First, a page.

Written by Cindy Banun
“Truth be Told – Know Your Limits”: Poetry Showcase
“Truth be Told” is a poetry showcase with the tagline: “Know Your Limits”, and is powered by Poet X. Being the highlight of the “Can’t Touch This” campaign, it features important guests such as Dr Elizabeth Lee (Senior Executive Director of Sunway University) and Aysha Shujaat (Lean In Malaysia), Ola Bola movie actor Andy Gomez, as well as social media influencers Alicia Amin and Arwind Kumar.
The poetry showcase started with an opening remark by the emcee to introduce the issue of sexual harassment as well as the programs for the evening. Dr Elizabeth and Aysha Shujaat were given the floor to each give a speech regarding sexual harassment. Dr Elizabeth had stated that:
“sexual harassment was a subtle form of discrimination and made their victims, both men and women feel disempowered”.
Ms Aysha parted with an important piece of advice: victims of sexual harassment should be able to prioritize their safety regardless of the “severity” of the situation that they find themselves in. Honor shouldn’t be seen as a higher priority. Her advice to victims: talk about it, don’t stay silent.
It was a rather lighthearted start to the evening with a poetry performance by Marcus and Athan, two eleven-year-old poets. Though, it wasn’t enough to alleviate the heaviness of the subject matter. Their poem, written through the eyes of a child, was reminiscent of what my parents used to warn me about – the dangers of speaking with strangers and the horror stories if we were to be caught. What’s even more disconcerting to me is how young children are at higher risk to be victims of sexual harassment. They are in danger of attracting unknown predators but are too young to understand their own body, let alone the desires that lie at the root of such behaviours.
Next, was a storytelling session by Dr Chan Nee Nee, the Head of Department of Communication and Liberal Arts (DCLA). She stated that what defines “me” is the bravery of being different and unique, being able to love, show kindness and openness without being judged based on “my” features or dress.
Following Dr Chan’s performance was another storytelling session by Ms Sheena Gurbakhash, a committee member of The Association of Women Lawyers (AWL). She showed us separate case studies of sex offenders who are both said to be “well brought up boys” by those around them. Her point here was clear: anyone, regardless of their social standing and their living environment, can commit sexual offences. Next, was a poetry recital by Gwendoline Esther which vividly illustrated her traumatizing experience on a bus ride back to her hometown. I was able to feel her fear and her anger through her words, and that, for me, was a truly amazing experience.
The performance and storytelling by KitaOrang after that helped lift up the heavy atmosphere. I particularly enjoyed Azam Rais’ poem which evolved around his encounter with a prostitute and her story of being sexually harassed earlier in her life. Some may say that the problem of sexual harassment is due to prostitutes setting an image of what is “okay” to do to a woman. However, these women are victims as well. We must see the problem of the disparity of “appropriate” social behaviour between men and women in order to be able to see the solution. Azam had mentioned that: “We are all whores in this world, we only choose which parts to sell.”, which I find really fits the reality of our society today.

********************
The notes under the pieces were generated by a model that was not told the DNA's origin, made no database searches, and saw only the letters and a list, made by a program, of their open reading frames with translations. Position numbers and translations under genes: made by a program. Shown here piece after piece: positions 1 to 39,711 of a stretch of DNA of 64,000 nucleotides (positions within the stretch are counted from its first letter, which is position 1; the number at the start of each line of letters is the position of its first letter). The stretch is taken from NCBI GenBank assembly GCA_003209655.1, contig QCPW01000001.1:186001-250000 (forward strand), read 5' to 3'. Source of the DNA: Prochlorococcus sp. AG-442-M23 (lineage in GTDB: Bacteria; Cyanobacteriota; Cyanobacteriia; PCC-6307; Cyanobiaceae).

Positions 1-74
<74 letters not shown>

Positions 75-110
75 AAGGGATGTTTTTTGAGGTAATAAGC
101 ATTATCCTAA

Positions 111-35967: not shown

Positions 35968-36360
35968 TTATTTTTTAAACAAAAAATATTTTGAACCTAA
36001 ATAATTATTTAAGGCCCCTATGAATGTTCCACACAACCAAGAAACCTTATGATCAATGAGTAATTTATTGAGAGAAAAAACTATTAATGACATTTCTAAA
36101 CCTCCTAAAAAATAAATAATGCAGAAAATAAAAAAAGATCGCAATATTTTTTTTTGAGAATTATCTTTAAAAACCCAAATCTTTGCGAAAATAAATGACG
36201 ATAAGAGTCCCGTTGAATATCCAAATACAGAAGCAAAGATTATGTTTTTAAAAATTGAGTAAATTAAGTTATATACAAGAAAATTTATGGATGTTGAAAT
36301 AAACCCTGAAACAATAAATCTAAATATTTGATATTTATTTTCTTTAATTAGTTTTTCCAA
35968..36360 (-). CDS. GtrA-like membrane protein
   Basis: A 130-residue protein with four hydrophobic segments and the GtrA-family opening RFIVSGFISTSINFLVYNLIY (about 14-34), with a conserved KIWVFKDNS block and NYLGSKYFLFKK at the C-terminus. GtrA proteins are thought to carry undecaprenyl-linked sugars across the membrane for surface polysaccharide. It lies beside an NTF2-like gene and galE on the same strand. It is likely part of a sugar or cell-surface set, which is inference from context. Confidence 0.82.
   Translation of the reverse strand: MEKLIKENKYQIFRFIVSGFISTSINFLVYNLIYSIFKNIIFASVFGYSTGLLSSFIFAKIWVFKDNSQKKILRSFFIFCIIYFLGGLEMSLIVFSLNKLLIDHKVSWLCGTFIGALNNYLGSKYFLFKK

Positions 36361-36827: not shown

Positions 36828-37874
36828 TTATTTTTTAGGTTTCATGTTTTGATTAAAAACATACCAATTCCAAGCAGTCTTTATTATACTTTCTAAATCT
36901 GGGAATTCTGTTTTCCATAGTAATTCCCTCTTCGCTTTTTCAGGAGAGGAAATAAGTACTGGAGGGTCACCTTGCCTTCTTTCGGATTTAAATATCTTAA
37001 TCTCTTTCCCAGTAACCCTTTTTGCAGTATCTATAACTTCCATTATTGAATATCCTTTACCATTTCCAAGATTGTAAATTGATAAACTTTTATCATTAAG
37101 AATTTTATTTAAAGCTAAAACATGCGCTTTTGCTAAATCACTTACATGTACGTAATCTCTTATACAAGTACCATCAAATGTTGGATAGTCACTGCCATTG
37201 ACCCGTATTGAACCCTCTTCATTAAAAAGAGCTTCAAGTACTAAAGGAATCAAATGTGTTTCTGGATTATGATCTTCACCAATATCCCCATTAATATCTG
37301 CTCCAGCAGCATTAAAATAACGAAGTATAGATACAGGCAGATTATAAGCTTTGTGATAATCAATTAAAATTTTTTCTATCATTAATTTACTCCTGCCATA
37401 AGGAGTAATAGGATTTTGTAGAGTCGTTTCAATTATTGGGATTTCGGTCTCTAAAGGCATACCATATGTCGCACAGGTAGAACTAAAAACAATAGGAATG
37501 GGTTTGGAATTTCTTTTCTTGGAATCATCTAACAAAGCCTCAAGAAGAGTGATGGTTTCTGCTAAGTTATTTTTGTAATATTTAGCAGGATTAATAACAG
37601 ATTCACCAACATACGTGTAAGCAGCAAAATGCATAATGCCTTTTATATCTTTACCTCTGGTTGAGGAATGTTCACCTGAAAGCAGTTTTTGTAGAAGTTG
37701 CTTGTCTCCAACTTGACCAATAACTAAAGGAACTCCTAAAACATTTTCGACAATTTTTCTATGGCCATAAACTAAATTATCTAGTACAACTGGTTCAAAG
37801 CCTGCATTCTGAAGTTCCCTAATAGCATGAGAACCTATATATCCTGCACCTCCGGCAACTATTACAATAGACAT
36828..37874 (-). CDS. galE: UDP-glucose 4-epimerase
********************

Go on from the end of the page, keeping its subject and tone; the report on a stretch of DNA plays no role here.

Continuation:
The final poetry session was by Dhinesha Karthigesu, the champion of Causeway Exchange (CEX) 2017 Poetry Slam. He started with an introduction of sexual harassment in film. The romance Bollywood movies that he mentioned, with its love trope is actually just creepy and misogynist if it were to happen in real life. Regardless, we need a caring society where men should watch out for the women, and not be the ones inflicting distress.
Last but not least, a sketch performance by students of Diploma in Performing Art which was able to vividly illustrate the severity of sexual harassment issues. They were great actors and actresses as the performance flowed smoothly from start to finish. Their performance involved a female employee who was sexually harassed and coerced by her boss. It is far too easy for a place that people would perceive as safe to turn hostile, then, the only way victims can find comfort is by sharing their experiences with a caring community. This is what “Can’t Touch This” campaign is trying to build and sustain at Sunway University. The problem of sexual harassment can only be effectively solved with proper reception from everyone in Sunway University.
In conclusion, the event was amazing from start to finish with an outspoken and engaging audience. The tagline: “Know Your Limits”, is extremely appropriate for this event due to the powerful messages sent across to the audience. The whole event was very well organized and executed, it went on smoothly from beginning to end. I am confident to say that almost all the audience left the hall more informed and enthusiastic on combating the issue than they were coming in.
Previously: Can’t Touch This Campaign (Part 1)
Up Next: Can’t Touch This Campaign (Part 3)